June 11, 2012

Handicraft for Girls: Children in Native Costume Doll's Quilt Pt. 1

Hullo! Our next project is from the book Handicraft for Girls by Idabelle McGlauflin, published in 1910.

In Chapter 2 of the book, an embroidery pattern of 4 children in native costume are provided and to be used in the different exercises.

Each design is embroidered with running stitches on a 6" x 8" piece of unbleached muslin. Now, it says to use "colored thread No. 50", and once again I have no idea what color that will be so enlightenment is welcome of course.

When done with the designs, we will continue to make the elective exercise which is a doll's quilt:

To attach the designs together, it states that they are to be "overhanded together" by turning a quarter-inch fold on the long side of both pieces and basting the folded pieces together and overhand.

The stitch is not shown in the book, only described so I went to look for an illustration and found this from ChestofBooks.com. It is the overhand stitch as described and illustrated in School of Needlework. A Course Study in Sewing designed for use in Schools:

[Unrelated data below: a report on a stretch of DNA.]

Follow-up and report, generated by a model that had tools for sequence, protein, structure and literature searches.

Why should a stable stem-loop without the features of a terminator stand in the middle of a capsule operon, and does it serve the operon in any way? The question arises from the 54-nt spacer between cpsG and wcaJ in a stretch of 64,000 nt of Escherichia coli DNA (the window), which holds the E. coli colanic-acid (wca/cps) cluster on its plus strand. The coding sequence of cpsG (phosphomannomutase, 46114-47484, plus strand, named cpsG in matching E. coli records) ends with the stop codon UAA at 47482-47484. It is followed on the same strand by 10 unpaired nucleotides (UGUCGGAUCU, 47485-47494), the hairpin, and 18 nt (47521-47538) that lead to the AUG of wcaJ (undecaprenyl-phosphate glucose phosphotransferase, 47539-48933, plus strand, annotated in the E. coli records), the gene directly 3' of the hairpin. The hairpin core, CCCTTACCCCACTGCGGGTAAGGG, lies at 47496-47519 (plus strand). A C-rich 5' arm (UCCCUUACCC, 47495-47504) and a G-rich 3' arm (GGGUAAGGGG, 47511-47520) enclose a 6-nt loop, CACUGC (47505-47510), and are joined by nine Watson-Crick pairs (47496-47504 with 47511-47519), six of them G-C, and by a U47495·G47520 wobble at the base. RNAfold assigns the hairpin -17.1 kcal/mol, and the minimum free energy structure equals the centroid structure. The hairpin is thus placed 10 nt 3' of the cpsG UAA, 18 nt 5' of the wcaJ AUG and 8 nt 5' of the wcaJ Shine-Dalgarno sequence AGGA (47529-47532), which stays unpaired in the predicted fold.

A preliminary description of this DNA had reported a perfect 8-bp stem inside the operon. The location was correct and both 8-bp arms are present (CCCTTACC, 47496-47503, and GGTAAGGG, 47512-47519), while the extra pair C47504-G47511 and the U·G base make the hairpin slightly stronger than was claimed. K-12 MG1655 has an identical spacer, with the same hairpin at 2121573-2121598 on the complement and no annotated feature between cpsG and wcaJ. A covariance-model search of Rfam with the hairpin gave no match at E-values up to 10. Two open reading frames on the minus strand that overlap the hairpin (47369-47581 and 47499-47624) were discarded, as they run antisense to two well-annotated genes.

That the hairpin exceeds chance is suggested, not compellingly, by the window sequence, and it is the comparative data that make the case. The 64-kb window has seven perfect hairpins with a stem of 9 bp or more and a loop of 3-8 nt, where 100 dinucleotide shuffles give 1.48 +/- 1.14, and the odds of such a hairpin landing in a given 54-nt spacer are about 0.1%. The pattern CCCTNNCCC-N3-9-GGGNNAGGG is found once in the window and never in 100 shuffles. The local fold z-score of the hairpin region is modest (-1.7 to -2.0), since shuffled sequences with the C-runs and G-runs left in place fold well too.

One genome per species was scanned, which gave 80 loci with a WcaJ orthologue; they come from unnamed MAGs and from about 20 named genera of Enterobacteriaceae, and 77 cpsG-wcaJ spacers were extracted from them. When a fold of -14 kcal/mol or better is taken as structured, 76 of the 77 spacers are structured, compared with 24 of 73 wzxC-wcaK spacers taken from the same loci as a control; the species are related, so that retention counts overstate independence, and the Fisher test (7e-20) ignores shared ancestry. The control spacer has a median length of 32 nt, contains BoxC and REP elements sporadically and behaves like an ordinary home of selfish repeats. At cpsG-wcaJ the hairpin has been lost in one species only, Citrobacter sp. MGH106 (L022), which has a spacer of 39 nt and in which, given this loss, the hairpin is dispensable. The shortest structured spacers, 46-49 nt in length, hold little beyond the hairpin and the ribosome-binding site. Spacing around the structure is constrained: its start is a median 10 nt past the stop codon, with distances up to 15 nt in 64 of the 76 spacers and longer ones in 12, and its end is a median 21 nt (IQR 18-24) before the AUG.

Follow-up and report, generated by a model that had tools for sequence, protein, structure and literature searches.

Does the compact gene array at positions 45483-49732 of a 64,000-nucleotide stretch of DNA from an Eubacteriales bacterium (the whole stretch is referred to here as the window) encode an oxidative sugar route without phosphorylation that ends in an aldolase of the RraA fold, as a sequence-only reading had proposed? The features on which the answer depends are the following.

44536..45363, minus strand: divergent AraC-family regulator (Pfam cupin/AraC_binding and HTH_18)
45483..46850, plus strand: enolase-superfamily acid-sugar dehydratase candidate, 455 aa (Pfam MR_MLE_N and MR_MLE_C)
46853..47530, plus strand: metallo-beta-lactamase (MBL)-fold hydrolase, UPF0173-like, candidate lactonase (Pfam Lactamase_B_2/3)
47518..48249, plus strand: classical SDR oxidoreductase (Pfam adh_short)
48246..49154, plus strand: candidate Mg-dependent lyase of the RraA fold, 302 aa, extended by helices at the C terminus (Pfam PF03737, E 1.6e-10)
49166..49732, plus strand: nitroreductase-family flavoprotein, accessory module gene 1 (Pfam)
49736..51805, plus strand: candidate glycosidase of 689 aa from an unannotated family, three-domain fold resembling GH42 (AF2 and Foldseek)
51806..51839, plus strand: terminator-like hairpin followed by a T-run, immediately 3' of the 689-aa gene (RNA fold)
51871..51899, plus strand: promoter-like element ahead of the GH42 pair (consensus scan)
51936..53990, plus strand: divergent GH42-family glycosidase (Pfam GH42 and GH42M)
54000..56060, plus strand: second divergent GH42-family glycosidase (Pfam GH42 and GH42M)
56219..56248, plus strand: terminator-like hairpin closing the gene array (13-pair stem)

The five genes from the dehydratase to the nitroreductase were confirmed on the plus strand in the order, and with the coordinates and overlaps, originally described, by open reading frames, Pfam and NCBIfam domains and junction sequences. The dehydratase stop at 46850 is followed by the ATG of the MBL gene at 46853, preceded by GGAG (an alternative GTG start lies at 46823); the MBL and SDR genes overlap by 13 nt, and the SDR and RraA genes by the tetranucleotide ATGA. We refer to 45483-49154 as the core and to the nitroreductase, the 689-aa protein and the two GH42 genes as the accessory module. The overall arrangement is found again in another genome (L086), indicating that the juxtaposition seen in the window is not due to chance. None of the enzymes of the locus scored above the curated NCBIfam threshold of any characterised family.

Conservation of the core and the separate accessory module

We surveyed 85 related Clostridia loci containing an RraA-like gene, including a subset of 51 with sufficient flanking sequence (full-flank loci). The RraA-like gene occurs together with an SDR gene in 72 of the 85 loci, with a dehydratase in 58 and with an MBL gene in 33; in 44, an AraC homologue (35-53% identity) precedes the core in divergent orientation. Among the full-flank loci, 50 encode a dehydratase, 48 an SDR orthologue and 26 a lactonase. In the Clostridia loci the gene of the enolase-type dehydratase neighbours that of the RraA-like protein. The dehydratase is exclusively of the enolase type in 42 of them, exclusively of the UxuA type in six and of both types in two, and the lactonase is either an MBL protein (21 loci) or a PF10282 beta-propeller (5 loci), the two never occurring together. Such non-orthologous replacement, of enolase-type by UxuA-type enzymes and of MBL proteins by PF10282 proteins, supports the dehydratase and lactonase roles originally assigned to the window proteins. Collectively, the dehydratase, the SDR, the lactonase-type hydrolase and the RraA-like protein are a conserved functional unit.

Should you wish to make this too, a pattern will be provided after each part every Monday. We will begin this week with Child in Native Costume No. 1:

Have a lovely week ahead everyone and keep on stitching!

Part 2.


  1. Do they say what "native" culture each costume is from?
    What an interesting find...

  2. Hi Lara, It doesn't seem to say where, or even describe the design at least, just talks about exercises using the pattern titled as so. Since it is a school instruction book, I am guessing it reflects on other lessons the kids had at that time so no descriptions necessary perhaps? These old instruction books are quite vague, some even verge on the poetic in describing how to do something. The language also reflects the era so its' quite a time machine to read these.

  3. Wow! Published
    in 1910? That was awesome. If the author only elaborated where the children’s
    ‘native’ costumes did came from. But thanks for posting this!

  4. Yes, I wish they did too! No. 2 is specially curious as to where. Thank you for appreciating!

  5. Wow, that is very strange. These look a lot like an illustration by Jessie Willcox Smith. The rhyme was called "Foreign Children" by Robert Louis Stevenson. Here's a link (at least, I hope the link works) to the illustration: http://www.flickr.com/photos/38275730@N04/3621731823/

  6. thank you for this information Cathy!! You solved the mystery! :-)

  7. Each and every design looks pretty unique and different is well from others, but it is an interesting is well.

  8. Cute ones! love the different designs and wonder how gorgeous these will look in the that! Loving these colours also!